The Biodiversity Heritage Library (BHL): Providing Vital and Cutting Edge Access to Scientific Literature During a Pandemic and Beyond

by Mai Reitmeyer on

Library News

The AMNH Library has a collection that is rich in retrospective scientific literature, some going back to the 15th century. It includes many materials that are difficult to find elsewhere and, as a result, forms one of the finest collections for zoological systematics.

Museum scientists, researchers and students regularly make use of our collections for their research. However, everything changed in mid-March due to COVID-19. Suddenly access to our print collections was no longer a possibility as everyone was required to shelter in place while New York City combated the virus. This new reality made access to online scientific material not only a convenience but a necessity. Fortunately, the Biodiversity Heritage Library (BHL), an effort which began in 2006 by a cooperative of ten natural history and botanical garden libraries, including the AMNH, has been filling this void and is an indispensable resource for many researchers working on taxonomy during this challenging time.

Biodiversity Heritage Library (BHL) Homepage.
Biodiversity Heritage Library (BHL) Homepage.

The original goal of the project was to improve efficiency of research by addressing the lack of easy open access to natural history literature by digitizing core taxonomic literature, making it freely and openly accessible to anywhere in the world. When the BHL launched in 2007, it included just over 300 titles digitized by the ten partner libraries. Today, the BHL has also grown to include Members, Affiliates, and Partners around the world and the collections have now grown to include over 250,000 volumes. It has become one of the world’s largest open access digital library for biodiversity literature, reaching millions of people since its launch.

Over the past thirteen years, the BHL has grown exponentially, not only by the number of collections, but also by the diversity of the collections and the additional features added to the database. In 2011, members of the BHL staff began putting illustrations from BHL books on Flickr which provides users with easy access to the images in BHL while also allowing for outreach to a whole new group of audiences, including K-12 educators, demonstrating that BHL has much to offer outside the realm of taxonomy.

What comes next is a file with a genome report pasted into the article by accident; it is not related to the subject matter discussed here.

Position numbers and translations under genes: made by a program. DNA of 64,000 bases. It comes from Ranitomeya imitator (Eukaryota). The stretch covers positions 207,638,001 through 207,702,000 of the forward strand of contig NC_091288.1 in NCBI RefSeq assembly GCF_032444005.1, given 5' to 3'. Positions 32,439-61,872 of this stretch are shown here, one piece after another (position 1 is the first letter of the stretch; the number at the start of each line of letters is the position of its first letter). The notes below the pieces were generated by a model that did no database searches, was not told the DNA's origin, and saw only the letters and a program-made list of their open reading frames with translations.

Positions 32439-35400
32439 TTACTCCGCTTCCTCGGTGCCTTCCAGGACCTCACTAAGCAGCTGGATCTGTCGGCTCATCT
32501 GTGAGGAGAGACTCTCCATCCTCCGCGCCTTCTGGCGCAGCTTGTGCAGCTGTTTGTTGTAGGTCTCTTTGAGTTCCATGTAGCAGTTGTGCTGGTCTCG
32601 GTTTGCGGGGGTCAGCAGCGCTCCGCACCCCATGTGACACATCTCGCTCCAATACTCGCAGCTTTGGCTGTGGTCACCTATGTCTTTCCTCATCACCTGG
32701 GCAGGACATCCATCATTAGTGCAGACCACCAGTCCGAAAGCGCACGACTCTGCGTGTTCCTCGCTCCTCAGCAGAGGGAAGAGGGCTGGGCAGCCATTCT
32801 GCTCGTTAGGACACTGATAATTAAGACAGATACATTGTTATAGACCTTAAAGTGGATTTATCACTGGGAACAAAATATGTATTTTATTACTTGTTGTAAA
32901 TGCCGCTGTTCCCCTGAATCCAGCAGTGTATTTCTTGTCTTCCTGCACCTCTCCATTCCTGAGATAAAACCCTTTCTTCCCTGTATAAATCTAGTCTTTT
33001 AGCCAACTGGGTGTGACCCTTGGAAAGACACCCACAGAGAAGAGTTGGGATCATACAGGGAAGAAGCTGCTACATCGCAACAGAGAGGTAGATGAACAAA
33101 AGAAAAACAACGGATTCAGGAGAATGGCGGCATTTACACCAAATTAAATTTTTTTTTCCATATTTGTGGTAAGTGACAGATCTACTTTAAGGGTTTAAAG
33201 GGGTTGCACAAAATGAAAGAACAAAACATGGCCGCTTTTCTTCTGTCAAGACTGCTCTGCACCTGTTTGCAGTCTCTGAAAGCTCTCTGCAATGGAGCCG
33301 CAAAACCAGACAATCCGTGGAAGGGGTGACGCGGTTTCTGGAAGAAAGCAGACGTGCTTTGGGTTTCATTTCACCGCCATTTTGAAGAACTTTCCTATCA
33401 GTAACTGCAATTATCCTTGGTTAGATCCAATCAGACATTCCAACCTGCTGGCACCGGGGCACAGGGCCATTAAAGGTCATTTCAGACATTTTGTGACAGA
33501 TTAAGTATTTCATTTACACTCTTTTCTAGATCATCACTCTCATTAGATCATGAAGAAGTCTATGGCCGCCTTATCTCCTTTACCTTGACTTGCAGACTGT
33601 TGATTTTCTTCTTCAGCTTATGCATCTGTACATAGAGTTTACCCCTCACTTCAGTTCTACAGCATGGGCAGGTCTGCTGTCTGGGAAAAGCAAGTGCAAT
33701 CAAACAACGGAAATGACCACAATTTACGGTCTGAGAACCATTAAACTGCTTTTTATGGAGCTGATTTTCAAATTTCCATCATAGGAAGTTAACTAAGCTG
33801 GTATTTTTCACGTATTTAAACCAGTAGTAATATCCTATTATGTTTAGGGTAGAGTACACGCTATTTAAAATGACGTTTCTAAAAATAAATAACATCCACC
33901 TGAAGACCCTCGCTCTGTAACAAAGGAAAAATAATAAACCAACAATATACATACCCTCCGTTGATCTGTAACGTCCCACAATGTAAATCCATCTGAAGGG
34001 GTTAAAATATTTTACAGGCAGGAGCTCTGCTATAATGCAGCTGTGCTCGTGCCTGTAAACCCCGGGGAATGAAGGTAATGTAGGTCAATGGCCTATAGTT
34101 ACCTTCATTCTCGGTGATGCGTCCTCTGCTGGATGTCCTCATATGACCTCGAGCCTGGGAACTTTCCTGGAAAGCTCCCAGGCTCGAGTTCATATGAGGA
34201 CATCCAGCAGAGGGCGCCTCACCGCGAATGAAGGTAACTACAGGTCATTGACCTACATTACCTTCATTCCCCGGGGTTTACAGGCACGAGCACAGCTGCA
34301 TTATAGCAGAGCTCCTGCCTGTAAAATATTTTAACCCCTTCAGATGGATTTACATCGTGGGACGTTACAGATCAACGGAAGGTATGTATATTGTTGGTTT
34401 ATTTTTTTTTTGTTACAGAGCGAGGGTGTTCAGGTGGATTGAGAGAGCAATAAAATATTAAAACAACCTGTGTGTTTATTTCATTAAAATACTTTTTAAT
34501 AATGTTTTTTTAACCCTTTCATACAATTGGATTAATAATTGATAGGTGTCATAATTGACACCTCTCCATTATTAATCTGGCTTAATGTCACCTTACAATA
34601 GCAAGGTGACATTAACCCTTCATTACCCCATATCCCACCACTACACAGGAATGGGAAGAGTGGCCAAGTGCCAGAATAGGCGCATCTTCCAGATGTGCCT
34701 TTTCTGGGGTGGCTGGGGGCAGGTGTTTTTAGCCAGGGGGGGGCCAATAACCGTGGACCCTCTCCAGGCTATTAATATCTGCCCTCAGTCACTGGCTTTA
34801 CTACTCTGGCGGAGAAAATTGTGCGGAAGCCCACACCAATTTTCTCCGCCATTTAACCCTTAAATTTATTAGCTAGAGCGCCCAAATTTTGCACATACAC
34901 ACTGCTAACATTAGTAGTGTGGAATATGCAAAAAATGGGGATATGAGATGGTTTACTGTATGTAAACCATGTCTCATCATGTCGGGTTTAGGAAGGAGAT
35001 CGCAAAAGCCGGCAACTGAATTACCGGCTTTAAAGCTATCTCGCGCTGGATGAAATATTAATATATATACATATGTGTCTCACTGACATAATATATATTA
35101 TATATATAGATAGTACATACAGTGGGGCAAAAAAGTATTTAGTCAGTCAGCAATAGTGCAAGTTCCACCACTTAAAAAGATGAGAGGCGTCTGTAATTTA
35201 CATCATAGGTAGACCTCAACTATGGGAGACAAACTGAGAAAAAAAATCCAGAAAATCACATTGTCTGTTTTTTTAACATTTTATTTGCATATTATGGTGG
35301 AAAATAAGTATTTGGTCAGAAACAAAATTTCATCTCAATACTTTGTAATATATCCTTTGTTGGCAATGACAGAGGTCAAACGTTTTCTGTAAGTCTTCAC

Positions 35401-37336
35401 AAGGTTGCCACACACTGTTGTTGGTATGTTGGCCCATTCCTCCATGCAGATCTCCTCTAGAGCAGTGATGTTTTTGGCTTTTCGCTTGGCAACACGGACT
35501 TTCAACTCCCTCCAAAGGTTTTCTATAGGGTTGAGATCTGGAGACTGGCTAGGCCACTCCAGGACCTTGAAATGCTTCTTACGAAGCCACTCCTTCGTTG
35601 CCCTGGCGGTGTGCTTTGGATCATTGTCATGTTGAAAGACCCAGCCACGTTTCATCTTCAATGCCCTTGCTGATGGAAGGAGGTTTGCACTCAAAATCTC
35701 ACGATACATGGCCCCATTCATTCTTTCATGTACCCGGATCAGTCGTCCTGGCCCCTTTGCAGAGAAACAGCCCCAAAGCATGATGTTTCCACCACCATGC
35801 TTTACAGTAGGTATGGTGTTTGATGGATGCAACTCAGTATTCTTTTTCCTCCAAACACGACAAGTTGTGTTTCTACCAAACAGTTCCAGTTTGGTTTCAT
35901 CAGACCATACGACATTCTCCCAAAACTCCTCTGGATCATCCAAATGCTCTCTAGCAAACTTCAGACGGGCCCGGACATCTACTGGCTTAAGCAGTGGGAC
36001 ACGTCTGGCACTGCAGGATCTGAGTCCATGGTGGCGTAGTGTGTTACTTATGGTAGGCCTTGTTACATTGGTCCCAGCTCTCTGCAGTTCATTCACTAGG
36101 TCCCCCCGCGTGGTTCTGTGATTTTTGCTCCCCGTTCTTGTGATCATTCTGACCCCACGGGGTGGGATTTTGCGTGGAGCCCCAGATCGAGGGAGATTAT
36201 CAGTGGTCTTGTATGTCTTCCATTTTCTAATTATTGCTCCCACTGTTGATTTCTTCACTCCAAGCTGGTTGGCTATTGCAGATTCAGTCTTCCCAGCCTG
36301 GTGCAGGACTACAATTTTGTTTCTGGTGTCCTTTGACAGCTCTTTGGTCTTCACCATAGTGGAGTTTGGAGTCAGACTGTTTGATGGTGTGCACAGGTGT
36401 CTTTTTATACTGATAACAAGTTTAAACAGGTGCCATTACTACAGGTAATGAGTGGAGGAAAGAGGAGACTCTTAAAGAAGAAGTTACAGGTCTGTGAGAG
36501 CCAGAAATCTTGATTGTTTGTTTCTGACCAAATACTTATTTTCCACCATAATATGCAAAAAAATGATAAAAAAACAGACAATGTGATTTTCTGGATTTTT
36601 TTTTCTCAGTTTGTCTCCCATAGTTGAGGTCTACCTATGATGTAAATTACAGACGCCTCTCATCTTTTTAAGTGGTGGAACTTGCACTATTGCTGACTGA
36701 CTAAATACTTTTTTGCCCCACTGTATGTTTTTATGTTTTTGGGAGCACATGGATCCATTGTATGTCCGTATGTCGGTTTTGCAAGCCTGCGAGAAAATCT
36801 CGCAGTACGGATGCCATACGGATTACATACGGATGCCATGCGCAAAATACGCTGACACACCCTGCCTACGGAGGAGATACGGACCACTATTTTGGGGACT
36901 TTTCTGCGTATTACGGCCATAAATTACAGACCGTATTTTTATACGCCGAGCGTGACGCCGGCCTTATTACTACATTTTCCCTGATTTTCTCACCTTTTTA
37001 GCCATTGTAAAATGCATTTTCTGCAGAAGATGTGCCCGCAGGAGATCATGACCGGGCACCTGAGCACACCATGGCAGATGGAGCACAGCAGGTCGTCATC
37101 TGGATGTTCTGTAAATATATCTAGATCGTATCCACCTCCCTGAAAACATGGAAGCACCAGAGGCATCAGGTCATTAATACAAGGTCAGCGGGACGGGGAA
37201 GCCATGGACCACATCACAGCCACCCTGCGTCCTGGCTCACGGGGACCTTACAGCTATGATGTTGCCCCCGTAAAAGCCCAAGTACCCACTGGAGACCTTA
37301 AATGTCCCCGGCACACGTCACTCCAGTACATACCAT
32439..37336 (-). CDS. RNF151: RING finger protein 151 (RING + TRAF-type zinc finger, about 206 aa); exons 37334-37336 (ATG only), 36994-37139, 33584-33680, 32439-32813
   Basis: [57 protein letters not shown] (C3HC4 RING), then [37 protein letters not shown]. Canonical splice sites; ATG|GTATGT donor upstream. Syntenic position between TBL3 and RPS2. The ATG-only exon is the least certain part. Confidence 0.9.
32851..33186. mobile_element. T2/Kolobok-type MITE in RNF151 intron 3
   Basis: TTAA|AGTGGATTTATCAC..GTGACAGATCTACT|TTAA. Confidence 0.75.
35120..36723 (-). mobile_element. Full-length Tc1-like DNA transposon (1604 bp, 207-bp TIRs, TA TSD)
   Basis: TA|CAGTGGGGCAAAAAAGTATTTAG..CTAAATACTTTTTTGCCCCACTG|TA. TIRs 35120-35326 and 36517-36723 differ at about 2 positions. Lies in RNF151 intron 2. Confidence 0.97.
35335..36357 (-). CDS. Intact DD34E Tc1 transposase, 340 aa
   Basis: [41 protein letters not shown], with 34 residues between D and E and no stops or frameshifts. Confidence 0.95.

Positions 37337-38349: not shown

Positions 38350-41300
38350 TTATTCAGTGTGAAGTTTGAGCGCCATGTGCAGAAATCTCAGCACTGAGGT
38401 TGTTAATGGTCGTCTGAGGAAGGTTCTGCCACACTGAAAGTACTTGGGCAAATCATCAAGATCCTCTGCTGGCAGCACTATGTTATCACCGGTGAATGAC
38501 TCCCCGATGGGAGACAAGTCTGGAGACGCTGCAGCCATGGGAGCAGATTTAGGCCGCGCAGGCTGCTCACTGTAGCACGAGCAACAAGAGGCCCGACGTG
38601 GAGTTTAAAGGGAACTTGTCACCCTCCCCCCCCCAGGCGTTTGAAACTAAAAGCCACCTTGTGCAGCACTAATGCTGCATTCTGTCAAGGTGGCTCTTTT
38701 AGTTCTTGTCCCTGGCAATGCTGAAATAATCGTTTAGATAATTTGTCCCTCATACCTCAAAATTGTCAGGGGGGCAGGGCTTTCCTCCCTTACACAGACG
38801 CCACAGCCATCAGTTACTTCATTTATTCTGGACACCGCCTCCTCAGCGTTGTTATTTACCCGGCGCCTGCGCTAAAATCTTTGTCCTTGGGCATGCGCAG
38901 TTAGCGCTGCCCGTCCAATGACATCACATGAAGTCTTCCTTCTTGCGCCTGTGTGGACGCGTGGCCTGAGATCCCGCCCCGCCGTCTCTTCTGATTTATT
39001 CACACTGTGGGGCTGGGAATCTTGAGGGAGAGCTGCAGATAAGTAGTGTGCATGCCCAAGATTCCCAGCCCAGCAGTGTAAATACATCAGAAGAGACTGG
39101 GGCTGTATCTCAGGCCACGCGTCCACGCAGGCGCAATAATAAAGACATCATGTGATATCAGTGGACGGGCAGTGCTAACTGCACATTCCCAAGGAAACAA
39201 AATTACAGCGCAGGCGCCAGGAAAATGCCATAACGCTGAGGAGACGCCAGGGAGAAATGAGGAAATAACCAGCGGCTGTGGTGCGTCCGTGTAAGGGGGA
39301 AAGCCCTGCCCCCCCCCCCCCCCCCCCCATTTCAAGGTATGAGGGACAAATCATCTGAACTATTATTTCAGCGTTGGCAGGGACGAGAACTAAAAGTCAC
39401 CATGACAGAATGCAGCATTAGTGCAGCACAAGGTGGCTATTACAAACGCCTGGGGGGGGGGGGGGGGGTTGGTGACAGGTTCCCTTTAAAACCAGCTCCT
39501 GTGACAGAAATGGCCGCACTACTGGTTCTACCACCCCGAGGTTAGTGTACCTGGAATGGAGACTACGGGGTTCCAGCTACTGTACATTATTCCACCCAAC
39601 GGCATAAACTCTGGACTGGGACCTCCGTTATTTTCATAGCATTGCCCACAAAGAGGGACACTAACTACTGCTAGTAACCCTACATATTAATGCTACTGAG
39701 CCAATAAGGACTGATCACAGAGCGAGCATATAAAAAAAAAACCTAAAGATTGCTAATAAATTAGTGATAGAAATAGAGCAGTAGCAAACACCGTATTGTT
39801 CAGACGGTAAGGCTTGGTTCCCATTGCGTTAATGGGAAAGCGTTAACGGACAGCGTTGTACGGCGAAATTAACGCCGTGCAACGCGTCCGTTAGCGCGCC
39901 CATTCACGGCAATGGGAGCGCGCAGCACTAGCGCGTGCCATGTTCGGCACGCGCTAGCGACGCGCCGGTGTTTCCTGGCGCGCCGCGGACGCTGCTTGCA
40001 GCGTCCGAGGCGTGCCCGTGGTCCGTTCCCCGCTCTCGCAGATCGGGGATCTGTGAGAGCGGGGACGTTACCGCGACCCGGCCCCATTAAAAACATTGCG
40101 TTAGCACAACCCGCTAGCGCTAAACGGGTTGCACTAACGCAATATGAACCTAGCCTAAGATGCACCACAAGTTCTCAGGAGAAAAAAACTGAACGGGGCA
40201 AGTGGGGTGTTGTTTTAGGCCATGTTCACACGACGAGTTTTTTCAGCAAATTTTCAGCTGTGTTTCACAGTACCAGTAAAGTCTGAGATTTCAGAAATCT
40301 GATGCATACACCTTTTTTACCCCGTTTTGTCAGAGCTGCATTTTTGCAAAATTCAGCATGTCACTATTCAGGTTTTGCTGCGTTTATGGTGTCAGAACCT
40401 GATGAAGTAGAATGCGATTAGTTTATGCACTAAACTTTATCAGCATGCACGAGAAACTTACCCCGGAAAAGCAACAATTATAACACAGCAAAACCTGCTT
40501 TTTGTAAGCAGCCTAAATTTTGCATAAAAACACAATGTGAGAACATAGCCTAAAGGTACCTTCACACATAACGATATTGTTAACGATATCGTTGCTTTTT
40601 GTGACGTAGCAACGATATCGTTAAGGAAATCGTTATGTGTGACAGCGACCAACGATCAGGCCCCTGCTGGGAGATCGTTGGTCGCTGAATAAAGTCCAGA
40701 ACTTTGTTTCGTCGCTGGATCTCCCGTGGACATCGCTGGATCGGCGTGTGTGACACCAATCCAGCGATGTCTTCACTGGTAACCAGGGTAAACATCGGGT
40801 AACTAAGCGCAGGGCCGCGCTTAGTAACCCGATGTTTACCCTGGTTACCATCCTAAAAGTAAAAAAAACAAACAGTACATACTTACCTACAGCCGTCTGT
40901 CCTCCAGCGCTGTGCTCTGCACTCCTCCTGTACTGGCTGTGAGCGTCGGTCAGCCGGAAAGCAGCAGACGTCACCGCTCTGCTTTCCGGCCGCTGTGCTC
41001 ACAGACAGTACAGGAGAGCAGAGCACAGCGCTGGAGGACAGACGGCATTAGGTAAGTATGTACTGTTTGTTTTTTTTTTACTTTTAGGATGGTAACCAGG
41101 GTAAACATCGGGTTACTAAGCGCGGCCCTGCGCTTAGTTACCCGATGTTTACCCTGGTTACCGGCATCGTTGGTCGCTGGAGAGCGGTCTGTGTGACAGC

BHL originally only included items that were in the public domain. However, in 2015, the Institute of Museum and Library Services (IMLS) funded a project titled Expanding Access to Biodiversity Literature, which helped libraries, museums, and natural history societies make their in-copyright content more widely available through BHL. Through this effort, societies like Wilson Ornithological Society, granted permission to share their quarterly peer-reviewed journal, The Wilson Journal of Ornithology on BHL with a 5-year embargo on the most recently published volumes. The Wilson Ornithological Society, named for Alexander Wilson, the “Father of American Ornithology”, is the second largest ornithological society in North America and has been publishing the Wilson Journal and its predecessor, The Wilson Bulletin since 1894. While most of the volumes were scanned by the Ernst Mayr Library at Harvard University, Museum of Comparative Zoology, the AMNH was able to fill in gaps for volumes that they were unable to scan making this project a truly collaborative effort.

In 2016, two major grants by the Council on Library and Information Resources (CLIR) funded the digitization of field notes. These primary source documents describe the events leading up to and including the collection of specimens or observations recorded during field research. This collaborative project of eleven partners, including the AMNH, resulted in over 500,000 pages of field notes being digitized and made accessible via BHL. These important documents provide insight on Museum expeditions and the resulting collections. Many serve as records of the flora and fauna of a specific place and time, providing a reference point to how a habitat has changed. You can explore digitized AMNH Field Notes in BHL.

The newest enhancement to BHL launched this summer is a new taxonomic name finding tool using Global Names Architecture’s (GNA) gnfinder to improve the speed and accuracy of identifying taxonomic names throughout its 58+ million pages. More on this can be found on the BHL blog. If you are not already making use of BHL, I encourage you to explore the database. Help documentation and training videos are available via BHL or you can always contact us if you have any further questions or need help finding a resource.

This is the twelfth post in a series about how the Library's staff is working remotely and enriching its digital collections to enhance access to researchers and the public during the COVID-19 pandemic. This entry was written by Mai Reitmeyer, Senior Reference Librarian.